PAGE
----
Sunday, August 15, 2010

Without A Clue

I was talking about Sherlock Holmes in one of yesterday's posts, talking about Jeremy Brett, the Holmes of my dreams. Today I'm talking about the Holmes of my nightmares - but in a good way. Ha! I remember seeing the film, Without A Clue, starring Michael Caine and Ben Kingsley many years ago in a nearly empty theater. It was just me and my ex-husband, well, he wasn't my ex at the time or I'd hardly have gone to the movies with him, but anyway, there we were. The two of us and about twenty others. Hard to watch a movie under those conditions, especially a comedy.

Without A Clue is a hilarious send-up of the Holmes myth and the relationship of Watson and Holmes. (So much funnier to my eyes than the Billy Wilder attempt at Holmes comedy, The Private Life of Sherlock Holmes, which I'd always found deadly dull, a shade too fussy and almost unwatchable.) In this version from the 1980's, written by Gary Murphy and Larry Strawther, it is Watson, played by Ben Kingsley, who is the brilliant detective. So the whole Holmes thing has been turned on its head. In fact, Holmes doesn't even exist as a real person since he is merely a figment of Watson's imagination - a character he's created to be more dashing than himself, star in his stories and sell newspapers. When Holmes becomes larger than life, Watson is forced to hire a drunken sot of an out-of-work actor, played delightfully by Michael Caine, to portray a real live Holmes for the police and fans who refuse to accept Watson as a 'dashing' Crime Solving Doctor.

Everyone wants Holmes on the case when foul murder and evil plots ensue, as of course, they do. The crime itself is not all that interesting and the last third of the film sort of degenerates into a blow-'em up, shoot-'em up. (Almost as if tacked on from another movie.) The villain, unfortunately, is one of those indivisible sorts who lurks in the shadows trying to look fiendishly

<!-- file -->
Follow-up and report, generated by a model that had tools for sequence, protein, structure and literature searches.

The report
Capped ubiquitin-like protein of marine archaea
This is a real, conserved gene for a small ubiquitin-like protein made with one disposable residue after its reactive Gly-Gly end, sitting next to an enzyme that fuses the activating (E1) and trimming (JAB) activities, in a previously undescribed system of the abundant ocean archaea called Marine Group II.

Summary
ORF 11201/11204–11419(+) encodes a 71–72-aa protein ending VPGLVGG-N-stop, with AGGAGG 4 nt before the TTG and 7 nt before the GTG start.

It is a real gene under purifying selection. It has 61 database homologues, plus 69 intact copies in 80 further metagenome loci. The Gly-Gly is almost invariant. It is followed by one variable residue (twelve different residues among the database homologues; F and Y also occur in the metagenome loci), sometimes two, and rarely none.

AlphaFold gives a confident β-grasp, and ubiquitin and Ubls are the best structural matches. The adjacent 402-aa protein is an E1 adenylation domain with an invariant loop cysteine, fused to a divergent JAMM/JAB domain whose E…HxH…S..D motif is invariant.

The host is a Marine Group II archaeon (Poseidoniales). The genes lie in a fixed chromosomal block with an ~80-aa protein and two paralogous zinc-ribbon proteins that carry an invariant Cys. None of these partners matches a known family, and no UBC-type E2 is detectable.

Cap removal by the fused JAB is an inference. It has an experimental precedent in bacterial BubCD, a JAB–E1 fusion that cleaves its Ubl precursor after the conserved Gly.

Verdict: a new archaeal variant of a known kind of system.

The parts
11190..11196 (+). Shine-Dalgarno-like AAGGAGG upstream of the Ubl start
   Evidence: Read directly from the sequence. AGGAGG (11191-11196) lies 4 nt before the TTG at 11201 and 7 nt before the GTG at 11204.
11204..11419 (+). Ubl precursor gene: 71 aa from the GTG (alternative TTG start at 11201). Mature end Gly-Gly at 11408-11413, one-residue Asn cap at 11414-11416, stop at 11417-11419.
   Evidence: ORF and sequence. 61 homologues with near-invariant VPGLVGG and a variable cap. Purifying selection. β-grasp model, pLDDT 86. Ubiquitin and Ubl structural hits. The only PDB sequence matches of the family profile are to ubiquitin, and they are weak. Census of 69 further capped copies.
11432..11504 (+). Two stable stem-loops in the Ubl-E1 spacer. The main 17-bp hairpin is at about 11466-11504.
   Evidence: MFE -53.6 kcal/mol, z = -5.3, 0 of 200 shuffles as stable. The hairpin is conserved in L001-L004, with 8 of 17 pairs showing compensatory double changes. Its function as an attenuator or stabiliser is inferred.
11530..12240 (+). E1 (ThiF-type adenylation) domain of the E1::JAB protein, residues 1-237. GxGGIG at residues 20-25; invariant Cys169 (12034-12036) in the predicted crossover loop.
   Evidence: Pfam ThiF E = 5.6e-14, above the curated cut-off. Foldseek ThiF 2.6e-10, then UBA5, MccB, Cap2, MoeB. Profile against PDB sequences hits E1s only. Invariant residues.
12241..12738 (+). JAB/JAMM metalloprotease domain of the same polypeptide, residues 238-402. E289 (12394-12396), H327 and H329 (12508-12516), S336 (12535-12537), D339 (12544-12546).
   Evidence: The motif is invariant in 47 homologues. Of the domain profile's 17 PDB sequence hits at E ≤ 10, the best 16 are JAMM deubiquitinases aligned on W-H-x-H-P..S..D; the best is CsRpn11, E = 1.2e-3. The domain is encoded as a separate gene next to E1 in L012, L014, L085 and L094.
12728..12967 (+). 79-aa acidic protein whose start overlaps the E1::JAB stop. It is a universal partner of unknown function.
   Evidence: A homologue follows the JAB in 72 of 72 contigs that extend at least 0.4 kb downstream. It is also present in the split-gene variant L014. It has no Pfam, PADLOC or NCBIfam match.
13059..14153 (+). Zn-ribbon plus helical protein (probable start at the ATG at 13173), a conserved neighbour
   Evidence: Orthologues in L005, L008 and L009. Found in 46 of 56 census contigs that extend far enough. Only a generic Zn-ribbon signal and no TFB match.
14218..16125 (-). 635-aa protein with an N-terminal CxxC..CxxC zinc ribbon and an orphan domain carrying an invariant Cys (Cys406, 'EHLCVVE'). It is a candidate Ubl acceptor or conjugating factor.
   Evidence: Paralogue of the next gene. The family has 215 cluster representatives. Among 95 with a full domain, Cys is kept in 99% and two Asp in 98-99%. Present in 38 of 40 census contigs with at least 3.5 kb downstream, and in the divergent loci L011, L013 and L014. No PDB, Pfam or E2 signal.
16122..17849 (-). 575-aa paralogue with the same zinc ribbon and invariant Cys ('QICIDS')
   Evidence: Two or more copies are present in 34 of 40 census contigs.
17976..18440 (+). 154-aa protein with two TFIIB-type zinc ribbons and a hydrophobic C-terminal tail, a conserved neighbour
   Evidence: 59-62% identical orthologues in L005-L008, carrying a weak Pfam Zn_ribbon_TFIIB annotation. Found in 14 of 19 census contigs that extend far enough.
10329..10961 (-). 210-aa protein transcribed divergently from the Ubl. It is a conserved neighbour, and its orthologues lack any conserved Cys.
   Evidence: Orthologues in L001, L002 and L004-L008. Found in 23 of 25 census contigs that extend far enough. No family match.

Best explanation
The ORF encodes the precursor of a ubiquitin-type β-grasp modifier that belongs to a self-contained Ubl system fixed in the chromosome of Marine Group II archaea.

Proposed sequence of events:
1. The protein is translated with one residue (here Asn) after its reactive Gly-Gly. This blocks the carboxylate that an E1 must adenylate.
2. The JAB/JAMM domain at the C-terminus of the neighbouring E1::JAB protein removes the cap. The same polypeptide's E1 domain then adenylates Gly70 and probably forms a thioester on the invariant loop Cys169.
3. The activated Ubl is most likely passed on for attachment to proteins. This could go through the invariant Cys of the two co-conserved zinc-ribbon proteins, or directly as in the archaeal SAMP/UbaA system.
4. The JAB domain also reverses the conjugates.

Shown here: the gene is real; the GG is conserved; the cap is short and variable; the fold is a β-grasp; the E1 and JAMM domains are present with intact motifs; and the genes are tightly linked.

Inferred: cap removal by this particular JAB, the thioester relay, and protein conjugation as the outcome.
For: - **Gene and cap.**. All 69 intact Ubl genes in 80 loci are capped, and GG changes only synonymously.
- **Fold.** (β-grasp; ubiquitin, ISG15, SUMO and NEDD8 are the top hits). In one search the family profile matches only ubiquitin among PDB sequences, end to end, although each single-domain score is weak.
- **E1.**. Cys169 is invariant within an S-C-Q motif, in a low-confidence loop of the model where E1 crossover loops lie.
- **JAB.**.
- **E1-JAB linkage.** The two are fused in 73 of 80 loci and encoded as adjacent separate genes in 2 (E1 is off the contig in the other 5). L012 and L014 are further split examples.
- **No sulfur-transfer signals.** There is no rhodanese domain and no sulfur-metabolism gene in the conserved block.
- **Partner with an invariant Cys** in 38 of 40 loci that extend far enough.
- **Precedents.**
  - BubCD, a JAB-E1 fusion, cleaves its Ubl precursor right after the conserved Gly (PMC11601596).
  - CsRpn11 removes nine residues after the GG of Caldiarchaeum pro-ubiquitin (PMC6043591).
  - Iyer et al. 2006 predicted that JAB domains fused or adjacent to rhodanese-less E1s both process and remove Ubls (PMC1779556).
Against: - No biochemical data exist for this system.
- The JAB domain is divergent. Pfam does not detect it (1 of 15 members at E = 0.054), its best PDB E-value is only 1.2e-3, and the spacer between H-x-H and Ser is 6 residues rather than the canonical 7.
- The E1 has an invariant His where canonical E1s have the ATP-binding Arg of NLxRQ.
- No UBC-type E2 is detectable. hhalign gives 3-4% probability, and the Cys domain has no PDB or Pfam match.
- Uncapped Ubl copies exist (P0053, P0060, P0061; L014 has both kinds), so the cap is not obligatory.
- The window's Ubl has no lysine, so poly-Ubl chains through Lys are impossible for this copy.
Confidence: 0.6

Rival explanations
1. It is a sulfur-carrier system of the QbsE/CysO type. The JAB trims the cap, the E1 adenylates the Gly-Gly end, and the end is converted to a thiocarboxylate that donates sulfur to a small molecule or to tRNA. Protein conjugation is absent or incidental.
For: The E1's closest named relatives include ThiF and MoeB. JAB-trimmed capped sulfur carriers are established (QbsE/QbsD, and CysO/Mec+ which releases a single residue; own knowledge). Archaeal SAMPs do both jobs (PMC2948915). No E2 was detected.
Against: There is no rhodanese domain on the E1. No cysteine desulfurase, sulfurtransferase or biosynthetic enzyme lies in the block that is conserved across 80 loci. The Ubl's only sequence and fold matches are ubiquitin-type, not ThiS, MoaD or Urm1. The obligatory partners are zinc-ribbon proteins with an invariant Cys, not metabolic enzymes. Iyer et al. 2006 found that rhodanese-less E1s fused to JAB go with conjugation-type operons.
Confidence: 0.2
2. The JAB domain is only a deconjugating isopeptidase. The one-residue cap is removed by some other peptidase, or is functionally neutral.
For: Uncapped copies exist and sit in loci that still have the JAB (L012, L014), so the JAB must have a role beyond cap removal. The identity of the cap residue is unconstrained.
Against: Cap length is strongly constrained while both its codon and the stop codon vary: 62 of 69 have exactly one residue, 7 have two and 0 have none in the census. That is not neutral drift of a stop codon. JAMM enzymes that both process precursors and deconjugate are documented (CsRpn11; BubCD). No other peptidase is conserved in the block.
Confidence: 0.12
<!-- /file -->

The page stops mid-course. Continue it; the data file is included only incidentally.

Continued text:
omnipotent. He weighs down the film and really keeps it from becoming the comedy classic it could have been.

But, imperfect as it is, I still love the film. If you like British slapstick humor mixed with suspense and murder, then this is your cup of tea. (Did I really just say that?)
In fact, in that nearly empty theater, it seems my ex and I were the only two people howling with laughter at the atrociousness happening up on the screen. Yes, embarrassing as it may sound. Obviously we were not surrounded by Holmes aficionados. Or maybe they were all purists and were affronted by the very idea of laughing at anything Holmes related.

More probably the rest of the people in that theater on that night years ago, had no sense of humor and worse, no sense of the ridiculousness of life. They were simply an audience - dare I say it? - without a clue.
Link here for movie trailer.

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